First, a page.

FIVE activists in Cambodia – dubbed the “Adhoc Five” – who have been fighting for bail from pretrial detention had their seventh attempt at release rejected on Monday by the country’s Supreme Court.
With the decision, which came without reason, the five – four activists from local rights group Adhoc and an official from the National Election Committee (NEC) who previously worked for Adhoc – will remain behind bars where they have been for over 10 months now.
They were nabbed in April for allegedly bribing a witness in a case relating to a sex scandal allegedly involving opposition leader Kem Sokha.
Cambodian law dictates detainees may be held for up to six months prior to trial for the purpose of investigation.
However, the Constitution also allows for a six-month extension if requested by a judge in felony cases.
Adhoc’s Lim Mony, Yi Soksan, Nai Vongda and Ny Sokha, as well as NEC deputy secretary-general Ny Chakrya, face up to 10 years in jail for bribing a witness – Sokha’s alleged mistress – and conspiracy to bribe a witness.
However, the group insists the alleged bribe in question was a standard transport and food stipend offered to anyone Adhoc helps.
The group has had their bail requests denied six times before – twice by the Phnom Penh Municipal Court, thrice by the Appeal Court and once by the Supreme Court in December – for various reasons, including their release could cause civil unrest.
However, many NGOs and international groups have decried their lengthy detentions, deeming it politically-motivated and intended to quell dissent.
Human Rights Watch (HRW) said on Dec 1 the courts’ refusal to grant the group bail was “part of the government’s persecution of Cambodia’s rights groups.”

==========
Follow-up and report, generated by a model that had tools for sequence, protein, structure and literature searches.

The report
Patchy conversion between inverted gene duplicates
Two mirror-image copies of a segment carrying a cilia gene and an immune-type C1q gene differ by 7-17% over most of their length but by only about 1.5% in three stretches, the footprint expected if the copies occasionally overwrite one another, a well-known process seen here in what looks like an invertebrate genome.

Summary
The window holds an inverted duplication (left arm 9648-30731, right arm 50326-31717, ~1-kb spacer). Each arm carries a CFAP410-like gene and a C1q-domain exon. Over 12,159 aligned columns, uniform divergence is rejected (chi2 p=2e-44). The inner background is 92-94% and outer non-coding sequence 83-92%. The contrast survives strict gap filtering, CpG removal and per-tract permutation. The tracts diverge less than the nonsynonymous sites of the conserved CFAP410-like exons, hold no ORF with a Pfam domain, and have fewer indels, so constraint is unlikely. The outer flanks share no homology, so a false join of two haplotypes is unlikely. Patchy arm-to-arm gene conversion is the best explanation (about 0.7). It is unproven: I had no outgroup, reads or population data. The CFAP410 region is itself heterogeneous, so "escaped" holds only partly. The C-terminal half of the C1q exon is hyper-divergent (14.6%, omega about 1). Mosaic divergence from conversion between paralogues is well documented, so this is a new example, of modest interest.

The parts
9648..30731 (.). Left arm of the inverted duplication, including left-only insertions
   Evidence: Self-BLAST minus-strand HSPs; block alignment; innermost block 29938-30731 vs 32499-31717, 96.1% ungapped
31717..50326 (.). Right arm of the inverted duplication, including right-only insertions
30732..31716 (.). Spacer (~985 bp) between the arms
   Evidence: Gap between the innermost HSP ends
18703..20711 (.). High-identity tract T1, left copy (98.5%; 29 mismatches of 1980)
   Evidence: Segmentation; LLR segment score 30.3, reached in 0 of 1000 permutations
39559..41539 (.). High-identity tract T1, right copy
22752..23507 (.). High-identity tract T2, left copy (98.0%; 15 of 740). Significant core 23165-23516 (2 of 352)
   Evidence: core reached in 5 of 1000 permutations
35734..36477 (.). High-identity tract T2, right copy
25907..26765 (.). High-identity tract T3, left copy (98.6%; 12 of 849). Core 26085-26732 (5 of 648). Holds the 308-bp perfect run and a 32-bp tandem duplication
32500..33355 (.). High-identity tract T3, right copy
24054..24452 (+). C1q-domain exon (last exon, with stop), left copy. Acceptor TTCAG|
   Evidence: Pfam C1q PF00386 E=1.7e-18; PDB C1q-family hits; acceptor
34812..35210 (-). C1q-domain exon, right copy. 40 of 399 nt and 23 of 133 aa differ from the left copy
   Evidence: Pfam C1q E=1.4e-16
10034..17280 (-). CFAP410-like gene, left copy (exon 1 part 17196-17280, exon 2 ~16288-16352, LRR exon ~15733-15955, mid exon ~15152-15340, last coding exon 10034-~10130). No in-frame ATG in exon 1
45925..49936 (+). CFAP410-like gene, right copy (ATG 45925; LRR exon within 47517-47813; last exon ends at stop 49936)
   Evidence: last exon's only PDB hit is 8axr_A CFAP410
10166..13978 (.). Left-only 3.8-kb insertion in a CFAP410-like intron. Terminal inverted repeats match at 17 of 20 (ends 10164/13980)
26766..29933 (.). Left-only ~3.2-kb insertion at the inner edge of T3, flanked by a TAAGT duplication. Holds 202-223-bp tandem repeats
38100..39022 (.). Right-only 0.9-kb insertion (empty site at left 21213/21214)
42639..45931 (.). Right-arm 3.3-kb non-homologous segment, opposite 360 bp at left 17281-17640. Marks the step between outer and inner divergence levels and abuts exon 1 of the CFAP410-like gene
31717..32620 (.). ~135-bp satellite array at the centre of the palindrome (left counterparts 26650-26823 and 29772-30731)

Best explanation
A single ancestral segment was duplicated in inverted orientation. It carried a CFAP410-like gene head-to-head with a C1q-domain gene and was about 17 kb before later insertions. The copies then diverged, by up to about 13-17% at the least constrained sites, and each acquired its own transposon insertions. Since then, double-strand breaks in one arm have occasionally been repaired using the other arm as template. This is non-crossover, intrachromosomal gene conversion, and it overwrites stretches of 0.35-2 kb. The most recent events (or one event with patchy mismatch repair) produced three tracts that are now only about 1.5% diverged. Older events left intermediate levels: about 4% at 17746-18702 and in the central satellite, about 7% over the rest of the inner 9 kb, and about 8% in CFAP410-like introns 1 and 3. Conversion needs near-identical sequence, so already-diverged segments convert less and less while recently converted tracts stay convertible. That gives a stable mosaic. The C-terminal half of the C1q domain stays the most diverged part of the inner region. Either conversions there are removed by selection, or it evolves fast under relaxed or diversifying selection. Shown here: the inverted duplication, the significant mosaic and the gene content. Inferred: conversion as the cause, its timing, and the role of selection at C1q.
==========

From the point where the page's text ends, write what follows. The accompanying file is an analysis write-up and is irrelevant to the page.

“The Supreme Court showed its political bias in refusing bail for five human rights defenders criminally charged for doing their jobs in a way the government didn’t like,” HRW Asia director Brad Adams said in a statement after the apex court rejected their bail request the first time.
“No one should mistake these prosecutions for anything other than Prime Minister Hun Sen’s effort to undo decades of work by Cambodian groups and the UN to promote the human rights of all Cambodians,” he said.
The United Nations Working Group on Arbitrary Detention (WGAD) last year deemed their detention as being in violation of international human, political and civil rights conventions, of which the Cambodian government is a signatory, and demanded their immediate release, local daily the Phnom Penh Post reported.
Their continued detention comes at a time when the Cambodian government has been repeatedly accused of using the judiciary to silence dissenting voices.
Political analyst Kim Sok last month was charged with defamation and incitement, and subsequently placed in pretrial detention, for alleging the ruling Cambodian People’s Party was involved in the assassination of high-profile analyst Kem Ley last year.
Prominent land rights activist Tep Vanny was also slapped with two separate charges over altercations during a protest in 2011 and another in 2013.
Her six-month sentence over a scuffle back in 2011, which was handed down last month, was particularly quizzical as she was released on bail shortly after her initial arrest and the case lay dormant for five years.
The case was only revived in 2016 when Vanny was arrested for protesting the imprisonment of the Adhoc Five.
Vanny is a frequent advocate for villagers who are pitted against the government or large companies in land disputes and land grab cases in Cambodia.
Most prominent is her involvement in the years-long Boeung Kak lake land dispute.